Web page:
While the Wii U is officially discontinued and will not have any more first-party titles after Legend of Zelda: Breath of the Wild comes out, the 3DS is still alive and kicking. With a couple of Wii U to 3DS ports and remakes, Nintendo seems content to port another Wii U exclusive to the handheld, with Good-Feel’s Poochy and Yoshi’s Woolly World the next title up for grabs. While the enhanced port of the game does sport some new features, are they enough to make you venture forth this adorable yarn of a tale again?
Poochy and Yoshi’s Woolly World stars a cast of loveable yarn Yoshis in a world made entirely of arts and crafts materials, such as rolls of yarn mixed with pieces of cloth. One day, the mischievous Kamek wrangles up a bunch of Yoshis and captures them. It’s up to you and fellow teammate Poochy to save the day in over 48 levels and 6 worlds.
The game plays as a standard platformer would, with your Yoshi jumping and gulping around the landscape. Yoshi can eat most enemies and use them as eggs in order to ricochet them to hurt bigger baddies or find secrets scattered around the levels. In addition, he can manipulate the environment in order to traverse secret segments, like sucking up a thread of yarn in order to reveal a hidden pipe. Each level has a horde of collectibles which will garner some replay value; these unlock different skins for your Yoshi as well as some brutal bonus levels. The game still sports sharp controls, and getting on track is very simple.
If you read our review of the Wii U version of the game, you’ll notice that Poochy and Yoshi’s Woolly World is very similar to its console counterpart. The new features revolve around the cute little doggie companion, Poochy. While he is in some main levels as a helpful sidekick, in this game he’s given a few different bonus levels that you can experience as you go through the main game. These levels have Poochy running around in an endless runner type stage, complete with obstacles and other collectible items, where he has to find three of his mini-offspring as well as get to the end. They’re short little reprieves, and nothing too substantial, but it’s a nice touch in an otherwise identical port. The Yoshi Theater is also a new inclusion, which sports 31 different shorts featuring the Yoshi gang. These affairs last less than a minute, with a simple question asked at the end that will grant bonuses if you can answer them correctly. While these additions are great fun, I really clamored for more Poochy content, and bonus content in general.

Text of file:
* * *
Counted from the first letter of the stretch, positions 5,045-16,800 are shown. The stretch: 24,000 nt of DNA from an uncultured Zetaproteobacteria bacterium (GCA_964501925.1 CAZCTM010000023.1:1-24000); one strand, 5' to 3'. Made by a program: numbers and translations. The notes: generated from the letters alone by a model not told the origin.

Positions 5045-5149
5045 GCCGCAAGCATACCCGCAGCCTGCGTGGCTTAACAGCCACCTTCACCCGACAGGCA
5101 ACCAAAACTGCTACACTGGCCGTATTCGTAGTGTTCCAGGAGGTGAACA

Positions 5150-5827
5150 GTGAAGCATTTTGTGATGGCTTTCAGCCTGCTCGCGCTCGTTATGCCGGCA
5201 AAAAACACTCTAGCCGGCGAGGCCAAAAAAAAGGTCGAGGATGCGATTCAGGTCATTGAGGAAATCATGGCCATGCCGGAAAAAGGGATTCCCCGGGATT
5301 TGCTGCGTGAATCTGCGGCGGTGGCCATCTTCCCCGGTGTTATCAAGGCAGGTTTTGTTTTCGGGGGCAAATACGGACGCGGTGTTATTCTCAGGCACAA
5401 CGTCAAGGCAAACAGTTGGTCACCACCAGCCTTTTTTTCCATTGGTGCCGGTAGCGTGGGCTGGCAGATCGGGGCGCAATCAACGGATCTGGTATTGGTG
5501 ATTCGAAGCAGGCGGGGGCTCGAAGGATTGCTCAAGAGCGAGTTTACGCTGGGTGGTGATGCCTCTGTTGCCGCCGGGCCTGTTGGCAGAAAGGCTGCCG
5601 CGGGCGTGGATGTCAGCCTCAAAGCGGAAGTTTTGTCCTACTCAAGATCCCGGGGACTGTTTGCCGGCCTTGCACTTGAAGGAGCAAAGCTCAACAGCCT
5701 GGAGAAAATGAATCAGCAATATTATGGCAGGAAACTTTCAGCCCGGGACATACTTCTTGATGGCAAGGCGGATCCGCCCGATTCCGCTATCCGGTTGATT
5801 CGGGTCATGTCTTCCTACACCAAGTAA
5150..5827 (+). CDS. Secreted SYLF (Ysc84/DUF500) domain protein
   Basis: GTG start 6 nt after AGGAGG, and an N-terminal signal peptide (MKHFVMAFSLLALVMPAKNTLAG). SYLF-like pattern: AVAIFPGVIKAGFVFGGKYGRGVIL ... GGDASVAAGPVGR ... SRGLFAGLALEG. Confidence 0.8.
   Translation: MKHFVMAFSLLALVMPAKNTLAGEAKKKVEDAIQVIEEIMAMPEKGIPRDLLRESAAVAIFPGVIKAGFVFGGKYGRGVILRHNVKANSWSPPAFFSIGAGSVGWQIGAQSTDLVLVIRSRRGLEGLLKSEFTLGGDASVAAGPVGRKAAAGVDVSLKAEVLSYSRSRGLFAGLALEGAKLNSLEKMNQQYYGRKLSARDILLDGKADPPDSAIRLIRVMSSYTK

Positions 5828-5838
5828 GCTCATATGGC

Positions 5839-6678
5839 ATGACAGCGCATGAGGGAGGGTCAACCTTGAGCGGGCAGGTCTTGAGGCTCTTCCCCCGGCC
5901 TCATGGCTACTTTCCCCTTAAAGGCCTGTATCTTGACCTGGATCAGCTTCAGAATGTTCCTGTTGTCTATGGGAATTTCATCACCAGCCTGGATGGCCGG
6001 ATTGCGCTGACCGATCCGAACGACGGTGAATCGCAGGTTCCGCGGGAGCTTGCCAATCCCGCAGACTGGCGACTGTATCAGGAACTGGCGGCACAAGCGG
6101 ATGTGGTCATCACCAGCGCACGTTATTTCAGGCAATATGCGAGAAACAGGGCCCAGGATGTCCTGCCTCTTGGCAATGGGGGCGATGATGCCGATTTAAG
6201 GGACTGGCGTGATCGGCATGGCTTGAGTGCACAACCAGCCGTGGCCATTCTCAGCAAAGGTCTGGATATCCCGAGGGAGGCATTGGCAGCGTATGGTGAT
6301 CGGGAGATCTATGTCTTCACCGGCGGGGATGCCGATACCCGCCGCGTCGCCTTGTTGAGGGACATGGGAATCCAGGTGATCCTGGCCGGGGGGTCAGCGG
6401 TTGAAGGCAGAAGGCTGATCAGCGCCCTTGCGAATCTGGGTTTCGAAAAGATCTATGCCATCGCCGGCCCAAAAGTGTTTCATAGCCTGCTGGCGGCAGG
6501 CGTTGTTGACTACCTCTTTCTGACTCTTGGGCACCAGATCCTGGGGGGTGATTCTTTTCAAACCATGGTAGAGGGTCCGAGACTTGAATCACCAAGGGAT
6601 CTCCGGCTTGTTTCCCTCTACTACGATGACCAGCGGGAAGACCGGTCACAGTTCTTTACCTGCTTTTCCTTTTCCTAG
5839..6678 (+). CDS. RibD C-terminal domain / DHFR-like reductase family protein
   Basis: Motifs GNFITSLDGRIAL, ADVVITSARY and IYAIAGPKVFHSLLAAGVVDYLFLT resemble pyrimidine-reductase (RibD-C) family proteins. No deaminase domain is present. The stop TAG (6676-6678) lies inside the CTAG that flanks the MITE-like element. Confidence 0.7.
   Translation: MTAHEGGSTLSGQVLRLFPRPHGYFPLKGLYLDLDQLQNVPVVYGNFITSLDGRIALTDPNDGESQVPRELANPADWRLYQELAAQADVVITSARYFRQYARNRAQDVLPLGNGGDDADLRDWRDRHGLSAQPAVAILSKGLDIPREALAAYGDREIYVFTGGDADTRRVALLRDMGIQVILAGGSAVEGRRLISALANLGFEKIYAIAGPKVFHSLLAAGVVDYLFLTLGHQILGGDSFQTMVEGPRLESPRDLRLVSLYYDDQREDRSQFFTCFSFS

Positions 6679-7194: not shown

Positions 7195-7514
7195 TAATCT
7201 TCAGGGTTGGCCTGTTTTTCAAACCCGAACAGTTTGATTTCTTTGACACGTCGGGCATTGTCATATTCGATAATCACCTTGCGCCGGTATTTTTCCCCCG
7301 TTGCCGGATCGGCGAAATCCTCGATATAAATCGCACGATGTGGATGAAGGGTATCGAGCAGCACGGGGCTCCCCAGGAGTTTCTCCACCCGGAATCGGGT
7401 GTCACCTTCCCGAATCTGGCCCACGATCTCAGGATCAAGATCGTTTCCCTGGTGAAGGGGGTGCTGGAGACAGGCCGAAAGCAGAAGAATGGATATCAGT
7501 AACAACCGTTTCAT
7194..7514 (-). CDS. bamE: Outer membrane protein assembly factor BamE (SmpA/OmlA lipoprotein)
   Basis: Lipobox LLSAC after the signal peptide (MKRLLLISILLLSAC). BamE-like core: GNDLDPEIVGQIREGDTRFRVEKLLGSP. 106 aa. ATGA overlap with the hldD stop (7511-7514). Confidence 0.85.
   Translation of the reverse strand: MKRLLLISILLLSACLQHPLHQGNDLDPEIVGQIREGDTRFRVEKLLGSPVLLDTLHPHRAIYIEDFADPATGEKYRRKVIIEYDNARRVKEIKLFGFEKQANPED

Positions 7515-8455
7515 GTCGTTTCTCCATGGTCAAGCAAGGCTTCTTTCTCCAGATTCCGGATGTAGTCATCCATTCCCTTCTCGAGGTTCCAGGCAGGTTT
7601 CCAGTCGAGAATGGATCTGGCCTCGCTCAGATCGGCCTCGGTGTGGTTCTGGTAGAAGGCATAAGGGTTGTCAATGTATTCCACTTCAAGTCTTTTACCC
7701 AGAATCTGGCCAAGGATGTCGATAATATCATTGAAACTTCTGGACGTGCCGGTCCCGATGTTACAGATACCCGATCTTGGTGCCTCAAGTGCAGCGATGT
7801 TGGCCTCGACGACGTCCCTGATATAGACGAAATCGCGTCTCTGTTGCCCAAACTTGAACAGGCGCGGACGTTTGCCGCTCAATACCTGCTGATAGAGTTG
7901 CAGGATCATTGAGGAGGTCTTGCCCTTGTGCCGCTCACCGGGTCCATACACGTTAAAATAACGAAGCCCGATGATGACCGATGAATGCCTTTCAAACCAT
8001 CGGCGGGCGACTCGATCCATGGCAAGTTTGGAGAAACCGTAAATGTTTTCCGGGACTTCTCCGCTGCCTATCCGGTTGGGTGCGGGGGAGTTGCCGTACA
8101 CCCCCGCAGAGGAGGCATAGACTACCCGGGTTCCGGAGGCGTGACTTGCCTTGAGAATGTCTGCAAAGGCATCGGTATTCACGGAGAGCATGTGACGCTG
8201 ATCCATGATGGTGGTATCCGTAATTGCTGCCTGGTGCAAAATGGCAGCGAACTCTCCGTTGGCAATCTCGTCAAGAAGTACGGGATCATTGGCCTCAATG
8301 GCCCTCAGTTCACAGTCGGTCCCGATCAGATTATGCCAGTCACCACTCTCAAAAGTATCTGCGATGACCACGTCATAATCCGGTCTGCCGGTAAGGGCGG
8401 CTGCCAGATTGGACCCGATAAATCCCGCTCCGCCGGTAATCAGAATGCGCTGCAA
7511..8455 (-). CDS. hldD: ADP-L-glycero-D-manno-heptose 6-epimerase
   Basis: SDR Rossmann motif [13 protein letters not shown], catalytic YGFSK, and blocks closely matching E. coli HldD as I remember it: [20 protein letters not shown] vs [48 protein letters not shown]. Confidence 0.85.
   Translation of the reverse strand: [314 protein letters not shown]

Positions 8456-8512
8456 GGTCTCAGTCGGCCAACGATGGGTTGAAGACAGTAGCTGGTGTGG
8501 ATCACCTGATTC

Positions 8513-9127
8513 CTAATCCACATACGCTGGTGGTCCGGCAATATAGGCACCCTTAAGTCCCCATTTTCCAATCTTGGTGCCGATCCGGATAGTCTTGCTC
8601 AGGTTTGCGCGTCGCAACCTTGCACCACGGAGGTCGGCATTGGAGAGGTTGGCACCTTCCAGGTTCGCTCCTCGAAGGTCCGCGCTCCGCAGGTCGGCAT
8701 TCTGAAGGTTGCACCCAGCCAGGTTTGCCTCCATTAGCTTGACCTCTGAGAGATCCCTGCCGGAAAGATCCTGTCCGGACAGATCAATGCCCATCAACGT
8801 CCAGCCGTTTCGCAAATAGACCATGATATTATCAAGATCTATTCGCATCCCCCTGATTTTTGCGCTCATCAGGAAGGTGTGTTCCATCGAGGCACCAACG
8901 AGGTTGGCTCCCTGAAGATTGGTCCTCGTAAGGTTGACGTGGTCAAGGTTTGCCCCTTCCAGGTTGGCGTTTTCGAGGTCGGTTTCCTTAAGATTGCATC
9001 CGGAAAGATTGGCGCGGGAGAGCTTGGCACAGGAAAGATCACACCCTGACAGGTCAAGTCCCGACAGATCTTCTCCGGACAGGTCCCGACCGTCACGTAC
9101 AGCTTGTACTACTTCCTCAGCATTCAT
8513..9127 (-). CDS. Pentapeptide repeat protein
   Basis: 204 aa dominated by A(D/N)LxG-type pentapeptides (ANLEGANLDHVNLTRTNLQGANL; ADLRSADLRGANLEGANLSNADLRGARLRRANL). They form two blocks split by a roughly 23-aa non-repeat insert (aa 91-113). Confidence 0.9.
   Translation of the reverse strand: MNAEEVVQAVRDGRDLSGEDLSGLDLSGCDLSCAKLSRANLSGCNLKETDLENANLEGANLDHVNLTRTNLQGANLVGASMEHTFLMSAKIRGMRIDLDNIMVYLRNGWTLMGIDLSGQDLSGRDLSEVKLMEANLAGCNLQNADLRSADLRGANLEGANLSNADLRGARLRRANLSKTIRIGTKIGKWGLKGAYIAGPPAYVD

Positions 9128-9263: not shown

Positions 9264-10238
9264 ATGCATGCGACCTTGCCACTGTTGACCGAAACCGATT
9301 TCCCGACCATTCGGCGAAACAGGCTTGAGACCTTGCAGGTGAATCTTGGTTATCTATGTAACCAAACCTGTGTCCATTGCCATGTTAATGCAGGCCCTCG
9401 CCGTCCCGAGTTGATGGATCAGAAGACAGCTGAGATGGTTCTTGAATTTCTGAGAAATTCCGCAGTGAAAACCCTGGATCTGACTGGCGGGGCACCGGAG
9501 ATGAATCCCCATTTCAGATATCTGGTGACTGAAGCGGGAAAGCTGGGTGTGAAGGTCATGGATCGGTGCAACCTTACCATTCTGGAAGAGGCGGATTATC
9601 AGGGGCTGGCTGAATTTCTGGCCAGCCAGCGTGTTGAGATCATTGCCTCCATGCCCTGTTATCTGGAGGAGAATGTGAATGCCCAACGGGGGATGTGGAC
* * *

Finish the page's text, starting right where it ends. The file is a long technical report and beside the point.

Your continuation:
While the bonus features do make the experience worthwhile, the same problems remain with this release as in the original game. The yarn world isn’t used to its full potential, with short segments featuring a Yoshi morphing into various contraptions as a highlight of the levels but too infrequent to be satisfying. The difficulty seems a bit inconsistent as well, since you have gargantuan bonus levels contrasted to meager boss battles. Perhaps the reason for this is the lack of local co-op, a big draw for the original release. It does become a bit more difficult to grab every collectible without another person to help you out, after all.
Finally, the performance of the game is solid. Regardless of what 3DS model you use, the game runs at a satisfying pace, with a miniscule amount of slowdown during more demanding stages. While newer 3DS titles hamper the original 3DS’s performance, this game holds up on either model. However, the biggest problem with the port lies in its graphical style; while the original game had a very vibrant yarn aesthetic, and exploited the Wii U’s hardware to provide some very great eye candy, the 3DS version feels like a standard platformer with a coat of yarn-colored paint splashed on it. It doesn’t look terrible, but it doesn’t have the shine of the Wii U version.
Poochy & Yoshi's Woolly World
Poochy and Yoshi’s Wooly World remains a solid platformer and a little added content will make newcomers who experience the game for the first time happy. However, the same problems are prevalent in this port, and while it’s a great experience, does lose some of its luster next to its console counterpart.